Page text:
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Bob Dylan: Writings, 1968-2010

3.84 of 5 stars 3.84  ·  rating details  ·  122 ratings  ·  16 reviews
The book begins in Berkeley in 1968, and ends with a piece on Dylan’s show at the University of Minnesota—his very first appearance at his alma mater—on election night 2008. In between are moments of euphoric discovery: From Marcus’s liner notes for the 1967 Basement Tapes (pop music’s most famous bootlegged archives) to his exploration of Dylan’s reimagining of the Americ
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Hardcover, 481 pages
Published October 19th 2010 by PublicAffairs (first published September 24th 2010)
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Community Reviews

(showing 1-30 of 295)
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Jeff
I'm a fan of Marcus' book on the way Dylan emerges from Harry Smith's Anthology of American Folk Music, Invisible Republic: Bob Dylan's Basement Tapes (1997). Unfortunately, Marcus changed that book's title to "The Old Weird America" when it was republished as a paperback. This had been the title of the Smith chapter from Invisible Republic, a title Marcus appropriated from a phrase of Kenneth Rexroth's, "the old free America." Rexroth was talking about the midwestern culture of the pre-first wo ...more
Blog on Books
There may be no more thorough chronicler over the four decades of Bob Dylan's musical life, than one of America's top rock writers, Greil Marcus. Marcus, the Berkeley-based former Rolling Stone editor and author has covered Dylan since the sixties and in this book "Bob Dylan by Greil Marcus: Writings 1968-2010," (Public Affairs) the author serves as editor, compiling every last article - from Stone to the Village Voice to the long-forgotten New West magazine - to paint an intensely detailed port ...more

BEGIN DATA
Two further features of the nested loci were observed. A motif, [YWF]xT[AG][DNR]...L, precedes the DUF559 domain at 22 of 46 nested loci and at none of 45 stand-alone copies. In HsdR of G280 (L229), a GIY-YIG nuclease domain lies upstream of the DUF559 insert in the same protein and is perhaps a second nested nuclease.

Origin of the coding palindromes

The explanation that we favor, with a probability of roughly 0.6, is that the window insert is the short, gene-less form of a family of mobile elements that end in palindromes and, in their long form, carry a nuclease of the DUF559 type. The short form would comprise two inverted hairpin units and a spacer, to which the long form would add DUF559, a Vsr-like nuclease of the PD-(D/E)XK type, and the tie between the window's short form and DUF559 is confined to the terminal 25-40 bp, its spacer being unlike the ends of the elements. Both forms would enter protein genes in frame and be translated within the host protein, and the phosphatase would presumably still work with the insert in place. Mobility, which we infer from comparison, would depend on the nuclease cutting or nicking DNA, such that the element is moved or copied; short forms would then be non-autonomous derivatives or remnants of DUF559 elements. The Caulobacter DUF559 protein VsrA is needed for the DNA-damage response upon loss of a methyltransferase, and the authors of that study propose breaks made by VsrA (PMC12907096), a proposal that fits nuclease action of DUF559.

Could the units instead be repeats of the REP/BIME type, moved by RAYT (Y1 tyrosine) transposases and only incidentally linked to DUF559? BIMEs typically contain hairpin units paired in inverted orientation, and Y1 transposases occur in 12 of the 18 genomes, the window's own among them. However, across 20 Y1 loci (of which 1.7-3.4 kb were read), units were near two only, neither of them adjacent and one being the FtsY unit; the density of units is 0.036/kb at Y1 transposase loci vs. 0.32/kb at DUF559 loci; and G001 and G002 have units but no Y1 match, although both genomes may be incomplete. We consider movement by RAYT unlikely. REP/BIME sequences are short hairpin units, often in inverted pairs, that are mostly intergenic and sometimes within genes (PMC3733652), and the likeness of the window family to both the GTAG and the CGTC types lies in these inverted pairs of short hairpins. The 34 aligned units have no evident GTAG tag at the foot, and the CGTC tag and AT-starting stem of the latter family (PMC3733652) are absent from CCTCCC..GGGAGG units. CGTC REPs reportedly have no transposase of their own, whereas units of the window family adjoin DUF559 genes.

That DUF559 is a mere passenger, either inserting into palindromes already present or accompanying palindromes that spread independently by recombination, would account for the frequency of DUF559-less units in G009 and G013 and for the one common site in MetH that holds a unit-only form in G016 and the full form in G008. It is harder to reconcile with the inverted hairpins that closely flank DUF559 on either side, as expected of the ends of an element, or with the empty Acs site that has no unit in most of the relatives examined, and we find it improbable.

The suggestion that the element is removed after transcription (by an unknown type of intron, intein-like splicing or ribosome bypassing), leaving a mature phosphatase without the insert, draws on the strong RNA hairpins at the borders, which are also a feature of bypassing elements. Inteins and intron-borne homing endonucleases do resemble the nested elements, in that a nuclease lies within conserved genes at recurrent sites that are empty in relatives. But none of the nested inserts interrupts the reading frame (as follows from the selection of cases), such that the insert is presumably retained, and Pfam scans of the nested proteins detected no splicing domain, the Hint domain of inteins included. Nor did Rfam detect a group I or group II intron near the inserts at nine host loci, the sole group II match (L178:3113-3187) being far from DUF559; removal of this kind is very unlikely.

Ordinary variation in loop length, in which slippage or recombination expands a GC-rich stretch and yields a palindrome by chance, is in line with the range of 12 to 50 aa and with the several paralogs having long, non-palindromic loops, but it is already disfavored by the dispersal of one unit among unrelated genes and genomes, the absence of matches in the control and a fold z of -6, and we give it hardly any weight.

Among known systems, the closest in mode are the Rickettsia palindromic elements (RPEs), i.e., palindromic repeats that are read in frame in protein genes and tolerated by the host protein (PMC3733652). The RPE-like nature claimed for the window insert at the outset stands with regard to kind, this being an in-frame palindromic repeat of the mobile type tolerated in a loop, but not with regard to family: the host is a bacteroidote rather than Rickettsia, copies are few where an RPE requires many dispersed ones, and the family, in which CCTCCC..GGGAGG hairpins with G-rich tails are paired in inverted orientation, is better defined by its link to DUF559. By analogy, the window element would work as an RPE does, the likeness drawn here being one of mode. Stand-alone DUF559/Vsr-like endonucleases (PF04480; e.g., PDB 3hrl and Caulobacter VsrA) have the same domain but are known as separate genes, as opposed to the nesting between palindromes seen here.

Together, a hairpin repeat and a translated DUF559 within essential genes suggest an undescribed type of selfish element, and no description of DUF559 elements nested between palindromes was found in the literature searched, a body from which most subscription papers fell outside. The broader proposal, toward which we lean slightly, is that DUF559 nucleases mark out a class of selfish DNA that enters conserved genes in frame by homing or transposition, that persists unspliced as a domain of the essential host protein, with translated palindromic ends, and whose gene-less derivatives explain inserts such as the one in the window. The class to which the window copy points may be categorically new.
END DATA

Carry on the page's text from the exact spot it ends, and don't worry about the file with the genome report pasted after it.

James Klagge
I doubt Greil Marcus is a pleasant person, and I don't often agree with him, but he is well worth reading when it comes to Bob Dylan, rock music, blues, or old-time music. He knows a huge amount, and always has an opinion. He is very much a critic--in that he is very judgemental. I suppose that is not surprising, since he is basically paid to have an opinion. He is an intelligent music listener, which I aspire to be. He knows a lot about history, influences, social context, resonances--things th ...more
Drew
Jul 11, 2011 Drew marked it as to-read  ·  review of another edition
Shelves: music
For lovers of books about music, take a look at: Pitchfork's 60 best music books: http://p4k.in/qbMu65

Plenty of good stuff here including two by Greil Marcus, Miles Davis' Autobiography, Revolution in the Head, England's Dreaming, Lester Bangs' collected works, Bob Dylan's Chronicles. I was a bit surprised to see Daniel J. Levitin's This Is Your Brain on Music: The Science of a Human ObsessionThis Is Your Brain on Music: The Science of a Human Obsession, which I found pretty banal in terms of it
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David
Good collection of his many articles, reviews, etc. dealing with Bob Dylan. Some of the more interesting pieces are only partially about Dylan, such as a good essay about "The myth of the open road" in American music (Springsteen, Bob Seger, Chuck Berry.........).

The besetting vice of any column collection is repetitiveness. Most of us have only so many ideas. I'm sure that if I had read these at the pace at which they were published, a few per year, it would have been fine, but going back to b
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Tom
I find myself less awed by Marcus' prose and his (occasionally ponderous) tangents than I used to be. But one of my favorite writers writing about my favorite musician over the course of more than 40 years? Yes, please. There's so much here that I'd never read before, particularly much of the stuff from the '70s, that by the time I reached the more familiar entries, they read like new. Even the pieces that seem unrelated help contextualize Marcus' take on Dylan, while also being themselves conte ...more
Glenn